Wash Westmoreland and Richard Glatzer moved to Waterloo Street in Echo Park about five years ago, when real estate was reasonable and the working-class Latino area seemed on the verge of gentrification -- a great thing for a pair of filmmakers just moving in, a potentially disastrous development for the many immigrant families scratching to hold on.
The couple knew next to nothing about quinceaneras, the elaborate rites of passage for 15-year-old girls that are very much like groomless weddings. But they understood that something momentous was going on next door when they saw young couples practicing the courtly waltz that is part of the ritual. The neighbors, Jose and Maria Campos, knew the men were handy with cameras and asked them to photograph their daughter's ceremony and party.
What Westmoreland and Glatzer got was the inspiration for "Quinceanera," which will have its premiere Monday afternoon at the Sundance Film Festival. What Waterloo Street got was a starring role in a heartfelt story about -- as the filmmakers put it -- "what happens when teenage sexuality, age-old rituals and real-estate prices collide."
The film stars unknowns Emily Rios, a 16-year-old senior at West Covina High School, as Magdalena, the quinceanera of the title. A very tough Jesse Garcia plays her gay cousin, Carlos. (Garcia is also in Edward James Olmos' upcoming HBO film, "Walkout," about the 1968 Latino-power student movement in L.A.) The story centers on what happens when both cousins are kicked out of their homes -- Magdalena's preacher father explodes when she refuses to admit having sex even though she is pregnant; Carlos has committed a sin that becomes obvious as the story evolves. They are taken in by a kindly old great-uncle, played by Chalo Gonzales, who rents a cottage behind a home that has just been bought by an upwardly mobile gay couple, played by David W. Ross and Jason L. Wood.
In a refreshingly transgressive way, the gay men are the nominal villains of the piece. "We felt we could get away with that," said Glatzer, smiling. "Some of what they say [in the movie], we have been guilty of saying. We moved onto this block and housing was really cheap, and now everyone goes on about 'Oooh, what a great investment, and the neighborhood has so improved,' and it's really kind of Realtor-ese for a kind of racist take: We're booting the people who have lived here for so long."
The movie flows easily between English and Spanish, capturing how immigrants and their first-generation children talk bilingually.
"Quinceanera" has been chosen as one of 16 competitors in the festival's prestigious dramatic film category. (Last year's winner, "The Squid and the Whale," is a critical favorite that may end up with an Oscar nomination or two.) And while it's an honor to be nominated, as everyone knows, Westmoreland and Glatzer are hoping for a nice fat distribution deal.
"Being in that competition means that you will get the distributors' attention, and it means that they will come to your premiere, and that's all you can ask for," said Glatzer, 44, a veteran of the reality show genre, who worked on "The Osbournes" and co-created "America's Next Top Model." He co-directed "The Fluffer," a feature about a certain niche job in the porn industry, with Westmoreland, 39, who wrote and directed the 2004 film "Gay Republicans."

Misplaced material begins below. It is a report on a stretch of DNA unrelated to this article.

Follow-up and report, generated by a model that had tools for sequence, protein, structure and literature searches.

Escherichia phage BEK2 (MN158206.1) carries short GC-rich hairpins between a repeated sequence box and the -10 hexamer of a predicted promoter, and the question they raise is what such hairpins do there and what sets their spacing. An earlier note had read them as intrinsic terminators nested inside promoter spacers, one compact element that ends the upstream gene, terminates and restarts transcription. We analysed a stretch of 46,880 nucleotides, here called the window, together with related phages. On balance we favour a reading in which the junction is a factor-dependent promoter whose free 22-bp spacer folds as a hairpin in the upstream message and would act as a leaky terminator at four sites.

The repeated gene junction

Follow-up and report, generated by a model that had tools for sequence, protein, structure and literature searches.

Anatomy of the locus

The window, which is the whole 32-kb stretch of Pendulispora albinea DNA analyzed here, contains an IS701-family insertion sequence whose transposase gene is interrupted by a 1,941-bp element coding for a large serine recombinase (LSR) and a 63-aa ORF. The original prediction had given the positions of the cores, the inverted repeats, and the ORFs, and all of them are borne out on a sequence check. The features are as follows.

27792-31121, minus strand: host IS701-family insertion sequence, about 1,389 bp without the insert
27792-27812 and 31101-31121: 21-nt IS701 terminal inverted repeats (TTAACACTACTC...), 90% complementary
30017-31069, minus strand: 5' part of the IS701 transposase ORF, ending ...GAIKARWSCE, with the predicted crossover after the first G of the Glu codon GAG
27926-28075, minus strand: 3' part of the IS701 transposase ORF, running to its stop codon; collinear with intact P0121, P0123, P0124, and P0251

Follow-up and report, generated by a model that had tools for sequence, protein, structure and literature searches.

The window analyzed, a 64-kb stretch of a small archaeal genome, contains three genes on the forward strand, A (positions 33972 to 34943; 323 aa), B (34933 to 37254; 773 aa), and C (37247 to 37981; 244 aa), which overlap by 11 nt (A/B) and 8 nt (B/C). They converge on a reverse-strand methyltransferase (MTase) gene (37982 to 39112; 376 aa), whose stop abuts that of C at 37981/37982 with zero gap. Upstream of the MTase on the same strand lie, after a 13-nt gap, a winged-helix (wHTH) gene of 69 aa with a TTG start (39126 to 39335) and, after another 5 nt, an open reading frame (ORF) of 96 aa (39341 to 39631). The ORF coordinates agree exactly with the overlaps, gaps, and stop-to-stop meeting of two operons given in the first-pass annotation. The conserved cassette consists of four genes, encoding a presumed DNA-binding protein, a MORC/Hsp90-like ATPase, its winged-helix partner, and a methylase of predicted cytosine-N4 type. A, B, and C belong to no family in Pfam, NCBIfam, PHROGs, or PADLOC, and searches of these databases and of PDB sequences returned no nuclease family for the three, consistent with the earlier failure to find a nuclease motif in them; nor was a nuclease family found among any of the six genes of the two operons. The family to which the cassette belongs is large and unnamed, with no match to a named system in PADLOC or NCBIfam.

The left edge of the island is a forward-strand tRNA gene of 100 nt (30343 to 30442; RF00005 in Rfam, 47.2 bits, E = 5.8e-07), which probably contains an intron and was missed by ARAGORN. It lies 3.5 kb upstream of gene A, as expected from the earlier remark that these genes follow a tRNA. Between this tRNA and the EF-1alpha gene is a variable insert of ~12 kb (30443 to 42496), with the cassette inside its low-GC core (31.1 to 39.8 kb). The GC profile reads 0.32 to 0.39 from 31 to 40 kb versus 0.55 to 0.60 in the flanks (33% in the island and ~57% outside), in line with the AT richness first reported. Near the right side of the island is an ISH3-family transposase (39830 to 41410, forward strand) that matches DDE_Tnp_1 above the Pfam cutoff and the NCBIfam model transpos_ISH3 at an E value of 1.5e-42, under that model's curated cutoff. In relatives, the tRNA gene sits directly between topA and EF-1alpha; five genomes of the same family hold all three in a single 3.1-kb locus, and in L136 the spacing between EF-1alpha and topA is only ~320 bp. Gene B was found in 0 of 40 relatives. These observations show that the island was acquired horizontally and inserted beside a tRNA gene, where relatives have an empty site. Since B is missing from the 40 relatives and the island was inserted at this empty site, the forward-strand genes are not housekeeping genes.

On Tuesday evening, as the sun sank and the towers of downtown Los Angeles lighted up, Glatzer and Westmoreland chatted about the movie in the living room of their Craftsman cottage, where they shot some of the film. Outside, from their porch, they could point to several other homes on the block that they used. Now the house next door is about to be torn down to make room for condos. On the other side, the Camposes, who helped inspire the film, were forced to move after 28 years there. Their 16-year-old daughter, Leslie, is an extra who appears as a member of Magdalena's court. (A quinceanera has seven girls, "damas," and seven boys, "chambelanes," who attend her during the ritual.)
"We wanted a story that was realistic but at the same time very unusual," Westmoreland said. "Something that took everyday life and pushed it a little further."
Westmoreland, who grew up in northern England's industrial Leeds, said they were inspired by the "kitchen sink" dramas of British filmmaking in the late 1950s and early 1960s. In particular, they cite "A Taste of Honey," Tony Richardson's gritty film about an English teenager, pregnant by a black sailor, whose gay roommate prepares to raise the child as his own. "At the time, it gave voice to characters in cinema you hadn't really seen before," Westmoreland said. "We wanted a realism that had a sparkle to it."
The spontaneity of nonprofessional actors added a sense of authenticity to the movie, said the filmmakers, who were surprised to see what happened on the dance floor of the party scene when the Strauss waltzes ended and the reggaeton music began. Young couples dancing a minuet one minute are "freaking" in the next, shocking the older folks, many of whom were extras from Echo Park, watching from the sidelines.
Nor could they have predicted what would happen when they rolled the camera in a rented Hummer stretch limo (not a product placement, they swear) that transported a quinceanera court to the party. The Hummer, to everyone's surprise, came equipped with a stripper pole.
"The stripper pole and the freak dancing," Glatzer said with a happy sigh. "Those were gifts to us."
When they introduce the film at Sundance on Monday, the filmmakers said they plan to talk about their deep respect for their neighbors, who, during 18 days of filming, spent 14 or 15 hours a day as extras and cheerleaders, as Glatzer put it, "just keeping the party alive, never getting frustrated or complaining, just having fun. The movie is really a kind of valentine to them."